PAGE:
Strolling In Switzerland

Natural beauty and fun flavor make this destination worth a walk-through

By: Mary-Ann Bendel

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Hiking in the hills of
Gimmelwald, Switzerland.
If you have clients who like to hike or walk, Switzerland offers a venue for every level of expertise. One can amble down the streets of old-town Zurich or walk along the shore of Lake Geneva for hours and be entertained with something interesting around every bend. Or one can opt for tough mountain hiking on rock in the high Alps with beautiful scenery.

Advise clients to get a Swiss rail pass and take trains to small villages to hike and explore. The Glacier Express is famous and a must for part of the journey. With a rail pass, travelers can take a cable car or cog railroad to the top of a mountain and ridge hike. Visitors can walk along winding trails, and then drop into a little mountain bistro or cafe for hot chocolate and a hearty soup.

Fall is the off season and a great time to go to ski resorts like the posh Verbier. Near this beautiful village are nearly 250 miles of trails for walking, hiking or biking, and clients will likely spot goats, ibexes, marmots and eagles. Less-active travelers can opt for an easy walk along ancient irrigation channels built in the 15th century, while more hardy hikers will want to trek high in the Alps and perhaps do a mountain hut-to-hut hike.

Extreme sports fans will enjoy rappelling down a 250-foot dam wall. Willing visitors are first strapped into a harness and can get to the safety expert waiting at the bottom in one of two ways either by walking down or by freefall. There is also rope-climbing and tobogganing on the world’s largest summer toboggan.

The Rhone Valley is another must-see, featuring hikes and vineyards.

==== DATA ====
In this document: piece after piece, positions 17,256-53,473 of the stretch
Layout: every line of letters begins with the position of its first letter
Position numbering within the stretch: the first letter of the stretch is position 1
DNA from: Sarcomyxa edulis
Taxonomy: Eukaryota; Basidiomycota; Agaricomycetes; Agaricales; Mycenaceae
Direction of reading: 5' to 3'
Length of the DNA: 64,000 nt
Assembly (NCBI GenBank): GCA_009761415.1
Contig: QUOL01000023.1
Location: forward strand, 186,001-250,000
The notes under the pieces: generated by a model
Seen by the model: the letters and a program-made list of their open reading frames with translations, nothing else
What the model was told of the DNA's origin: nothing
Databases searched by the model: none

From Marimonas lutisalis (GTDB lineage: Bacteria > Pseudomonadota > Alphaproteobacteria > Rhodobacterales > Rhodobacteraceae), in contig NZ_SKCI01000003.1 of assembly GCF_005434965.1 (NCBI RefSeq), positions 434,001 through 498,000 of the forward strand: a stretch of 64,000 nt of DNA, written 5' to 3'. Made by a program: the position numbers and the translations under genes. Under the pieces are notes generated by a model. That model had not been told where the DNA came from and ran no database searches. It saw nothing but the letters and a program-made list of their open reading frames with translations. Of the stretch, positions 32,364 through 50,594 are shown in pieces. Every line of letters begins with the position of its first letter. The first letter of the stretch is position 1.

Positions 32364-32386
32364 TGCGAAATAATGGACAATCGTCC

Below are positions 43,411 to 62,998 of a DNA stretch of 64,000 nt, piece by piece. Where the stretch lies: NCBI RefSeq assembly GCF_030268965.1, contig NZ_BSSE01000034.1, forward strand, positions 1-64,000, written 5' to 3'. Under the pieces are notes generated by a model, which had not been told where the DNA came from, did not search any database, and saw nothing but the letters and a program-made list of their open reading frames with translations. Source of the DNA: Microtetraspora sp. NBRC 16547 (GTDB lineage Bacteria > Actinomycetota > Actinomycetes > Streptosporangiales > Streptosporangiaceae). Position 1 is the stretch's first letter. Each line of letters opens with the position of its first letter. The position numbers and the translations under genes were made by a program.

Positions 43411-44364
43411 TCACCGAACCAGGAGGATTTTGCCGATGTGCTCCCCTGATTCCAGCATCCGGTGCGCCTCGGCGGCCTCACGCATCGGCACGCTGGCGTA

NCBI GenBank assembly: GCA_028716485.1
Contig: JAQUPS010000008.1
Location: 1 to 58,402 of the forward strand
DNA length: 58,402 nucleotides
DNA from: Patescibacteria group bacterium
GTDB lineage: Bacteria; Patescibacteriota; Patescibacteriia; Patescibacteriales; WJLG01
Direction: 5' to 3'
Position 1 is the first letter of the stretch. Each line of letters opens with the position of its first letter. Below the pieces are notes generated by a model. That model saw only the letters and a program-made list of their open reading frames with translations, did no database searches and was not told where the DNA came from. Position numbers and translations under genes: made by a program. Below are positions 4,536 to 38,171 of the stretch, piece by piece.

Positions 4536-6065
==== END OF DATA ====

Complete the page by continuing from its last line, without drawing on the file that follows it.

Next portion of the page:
I was lucky enough to visit during harvest season, which runs from late September into early October. The vineyard offers tours that go through the whole winemaking process stomping grapes with your feet is no longer part of the protocol but is still fun to watch. At the end of the tour, there is winetasting and a cheese dish called raclette is served.

The Romansh study trail is absorbing and takes clients through small villages. Romansh, one of the four official languages, is still spoken in the eastern part of Switzerland. The area is relatively undiscovered by tourists and retains a tranquil, out-of-the-way feeling.

The old city of Chur in the Romansh area makes for a great stop for a couple of days. With only 35,000 residents, clients will find a serene beauty here. The Gothic old town area is a joy to walk around, and culture buffs can check out the Grisons Art Museum, which houses a collection of works by artists like Angelita Kaufmann and Ernst Ludwig Kirchner.

Chur is also the largest shopping center between Zurich and Milan, and major department stores and 500 specialized boutiques make it a shopper’s paradise. Weekly farmers and flea markets round out the shopping flavor.

A village called Disentis in southeastern Switzerland became a personal favorite. The architecture of this old village was engaging. Here, a Benedictine monastery church dating from the 17th century has a vesper service five times a day open to the public.

I also enjoyed sampling the local cuisine. In fact, I ate whenever I could all over Switzerland it’s worth the calories. I spent most of my time in French-speaking areas, and from small cafes to city restaurants, the meals were excellent. One night, I had an eight-course dinner in Orsieres, a tiny village of 700 people. The Des Alpes restaurant was a one-star Michelin, which I was surprised to find in such a small village.

Some clients might want to spend a week or two in Switzerland’s villages. The pace of life is slow, and I didn’t hear any cell phones just a lot of tingling cow bells and train whistles.

I spent my last three days in Geneva, and after exploring the country’s towns, the ambience of the city appealed to me. Geneva hosts 200 international organizations. Home to UN European Headquarters, visitors can tour the United Nations building, and just across the street, clients will fine the Red Cross museum, as the International Committee of the Red Cross started here.

Walking along the placid, glacial Lake Geneva was also a highlight. I strolled for several hours past beautiful villas, like the one Napoleon built for Josephine. I looked up at the mountain-top estate of Baron de Rothschild, and after I got tired of walking, I took a boat trip around the lake it was the perfect way to end a Switzerland sojourn.


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